Vacation Home Exchanges
Real Estate Exchanges for Vacation Homes
If you’re investing in a vacation home (or other dwelling units), there’s help available for determining whether the property qualifies for exchange treatment.
Revenue Procedure 2008-16 provides a safe harbor where the IRS will accept that the use of a dwelling unit qualifies for exchange treatment under Internal Revenue Code Section 1031.
- A dwelling unit is real property improved with a house, apartment, condominium, etc., and that provides basic living accommodations, including sleeping space, bathroom and cooking facilities.
A dwelling unit qualifies as a relinquished property if:
- Owned by you, the taxpayer, at least 24 months immediately before the exchange (the “qualifying use period”); and
- Within that period, in each of the two 12-month periods immediately preceding the exchange,
- You rent the dwelling unit to unrelated persons at a fair rental for 14 days or more, and
- The period of your personal use doesn’t exceed the greater of:
- 14 days, or
- 10% of the days the dwelling unit is rented at a fair rental during the 12-month period
The first 12-month period ends on the day before the exchange takes place (and begins 12 months prior to that day), and the second ends on the day before the first 12-month period begins (and begins 12 months before that day).
For replacement property, 12 month periods are handled similarly as for relinquished property, looking into the future, not the past.
Property use is considered personal if used by:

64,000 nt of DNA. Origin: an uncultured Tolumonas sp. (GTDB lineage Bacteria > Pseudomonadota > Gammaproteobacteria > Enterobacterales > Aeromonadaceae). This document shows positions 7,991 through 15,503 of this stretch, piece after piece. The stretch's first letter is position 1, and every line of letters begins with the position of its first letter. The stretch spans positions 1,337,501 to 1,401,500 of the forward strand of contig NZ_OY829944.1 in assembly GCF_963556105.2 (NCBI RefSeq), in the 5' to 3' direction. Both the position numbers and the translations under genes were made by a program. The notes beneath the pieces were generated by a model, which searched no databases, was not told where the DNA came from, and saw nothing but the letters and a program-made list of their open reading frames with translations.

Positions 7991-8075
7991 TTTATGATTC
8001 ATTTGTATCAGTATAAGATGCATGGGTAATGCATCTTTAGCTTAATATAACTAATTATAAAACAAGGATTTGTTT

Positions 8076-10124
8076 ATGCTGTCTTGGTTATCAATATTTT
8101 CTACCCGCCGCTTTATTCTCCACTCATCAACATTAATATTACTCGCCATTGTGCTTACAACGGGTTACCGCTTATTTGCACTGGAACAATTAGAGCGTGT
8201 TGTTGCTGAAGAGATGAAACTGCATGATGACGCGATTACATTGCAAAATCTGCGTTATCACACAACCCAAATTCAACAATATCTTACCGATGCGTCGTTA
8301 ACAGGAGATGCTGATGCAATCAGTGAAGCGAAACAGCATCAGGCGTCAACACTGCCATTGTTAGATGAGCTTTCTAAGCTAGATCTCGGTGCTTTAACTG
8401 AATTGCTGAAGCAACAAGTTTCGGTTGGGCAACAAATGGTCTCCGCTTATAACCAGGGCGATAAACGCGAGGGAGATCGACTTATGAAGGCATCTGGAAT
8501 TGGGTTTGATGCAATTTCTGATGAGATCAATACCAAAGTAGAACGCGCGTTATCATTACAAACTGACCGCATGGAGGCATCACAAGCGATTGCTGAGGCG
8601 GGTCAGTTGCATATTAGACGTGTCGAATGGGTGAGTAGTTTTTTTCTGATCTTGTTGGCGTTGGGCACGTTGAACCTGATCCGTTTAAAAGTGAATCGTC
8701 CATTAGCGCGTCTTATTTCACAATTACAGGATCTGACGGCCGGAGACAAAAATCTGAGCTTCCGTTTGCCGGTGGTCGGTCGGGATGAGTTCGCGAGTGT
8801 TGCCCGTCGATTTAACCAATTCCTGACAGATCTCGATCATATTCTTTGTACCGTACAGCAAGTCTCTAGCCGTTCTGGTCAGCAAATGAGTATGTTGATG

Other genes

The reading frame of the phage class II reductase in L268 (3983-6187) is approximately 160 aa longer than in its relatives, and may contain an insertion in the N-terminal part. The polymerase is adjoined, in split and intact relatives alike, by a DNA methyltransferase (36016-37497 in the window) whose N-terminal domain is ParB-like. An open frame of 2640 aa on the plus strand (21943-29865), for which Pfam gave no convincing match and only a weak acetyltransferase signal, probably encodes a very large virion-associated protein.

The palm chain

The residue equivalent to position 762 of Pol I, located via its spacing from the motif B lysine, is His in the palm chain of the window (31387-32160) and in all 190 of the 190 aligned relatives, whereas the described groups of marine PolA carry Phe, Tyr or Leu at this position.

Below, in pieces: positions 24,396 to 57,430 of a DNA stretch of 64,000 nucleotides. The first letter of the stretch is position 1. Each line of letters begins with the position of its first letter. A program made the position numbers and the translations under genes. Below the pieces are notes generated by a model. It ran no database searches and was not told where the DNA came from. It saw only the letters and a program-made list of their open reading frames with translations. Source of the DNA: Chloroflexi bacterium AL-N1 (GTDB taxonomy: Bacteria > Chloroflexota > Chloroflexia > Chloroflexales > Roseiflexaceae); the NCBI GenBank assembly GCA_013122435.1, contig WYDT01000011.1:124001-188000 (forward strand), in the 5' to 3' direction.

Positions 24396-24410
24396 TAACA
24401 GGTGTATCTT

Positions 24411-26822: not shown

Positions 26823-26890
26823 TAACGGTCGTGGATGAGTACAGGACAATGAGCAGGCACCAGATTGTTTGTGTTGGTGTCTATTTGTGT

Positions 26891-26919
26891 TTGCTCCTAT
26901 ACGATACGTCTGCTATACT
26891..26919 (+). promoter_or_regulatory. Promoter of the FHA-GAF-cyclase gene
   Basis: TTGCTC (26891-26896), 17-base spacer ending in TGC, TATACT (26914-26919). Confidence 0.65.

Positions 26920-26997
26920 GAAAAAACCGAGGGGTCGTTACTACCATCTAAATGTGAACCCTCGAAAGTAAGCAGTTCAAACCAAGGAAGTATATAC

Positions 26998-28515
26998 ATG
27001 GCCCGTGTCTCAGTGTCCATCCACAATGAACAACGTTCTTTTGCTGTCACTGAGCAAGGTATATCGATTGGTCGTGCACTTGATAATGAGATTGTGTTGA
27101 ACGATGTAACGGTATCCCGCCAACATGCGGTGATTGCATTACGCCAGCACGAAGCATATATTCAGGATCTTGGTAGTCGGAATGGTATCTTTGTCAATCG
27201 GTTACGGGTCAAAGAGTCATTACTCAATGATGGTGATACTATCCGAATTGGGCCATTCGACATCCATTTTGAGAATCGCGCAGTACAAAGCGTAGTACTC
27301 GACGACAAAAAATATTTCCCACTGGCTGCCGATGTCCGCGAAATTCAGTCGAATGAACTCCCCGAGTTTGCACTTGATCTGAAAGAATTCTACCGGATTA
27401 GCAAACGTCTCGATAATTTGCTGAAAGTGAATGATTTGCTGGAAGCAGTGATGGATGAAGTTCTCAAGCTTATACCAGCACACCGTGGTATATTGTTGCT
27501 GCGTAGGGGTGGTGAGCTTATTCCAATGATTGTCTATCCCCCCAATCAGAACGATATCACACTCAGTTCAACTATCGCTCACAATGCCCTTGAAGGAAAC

- You, the taxpayer, or any other person with an interest in the unit (including a tenant-in-common), or by any member of your family or such other person; or,
- Any individual who uses the unit under an arrangement that lets you use some other dwelling unit (whether or not a rental is charged for the other unit); or
- Any individual, if rented for less than fair market value rental
Safe harbor may provide some relief if you’re worried about past use of a vacation rental property.
Use by a family member of a fellow tenant-in-common counts against another tenant-in-common’s allowed personal use. You, the taxpayer, can rent the dwelling unit to a family member if the family member uses it as a principal residence (not as a vacation home) and the family member pays fair market rent. Some taxpayer use may be allowed for repairs and annual maintenance.
An exchange may still fall outside the parameters outlined above and still meet the statutory requirements of section 1031. Consult your tax advisor about your specific transaction.
Don’t Go It Alone
Contact Exchange Services, LLC., for the expertise and support you need to make a successful 1031 exchange.
The information contained herein is for informational purposes only and does not constitute tax, legal, or accounting advice. You are advised to seek appropriate professional advice regarding your specific facts and circumstances. All exchange and qualified intermediary services are offered through Exchange Services, LLC, a Utah limited liability company and affiliate of Zions First National Bank, California Bank & Trust, Vectra Bank Colorado, National Bank of Arizona, and Nevada State Bank.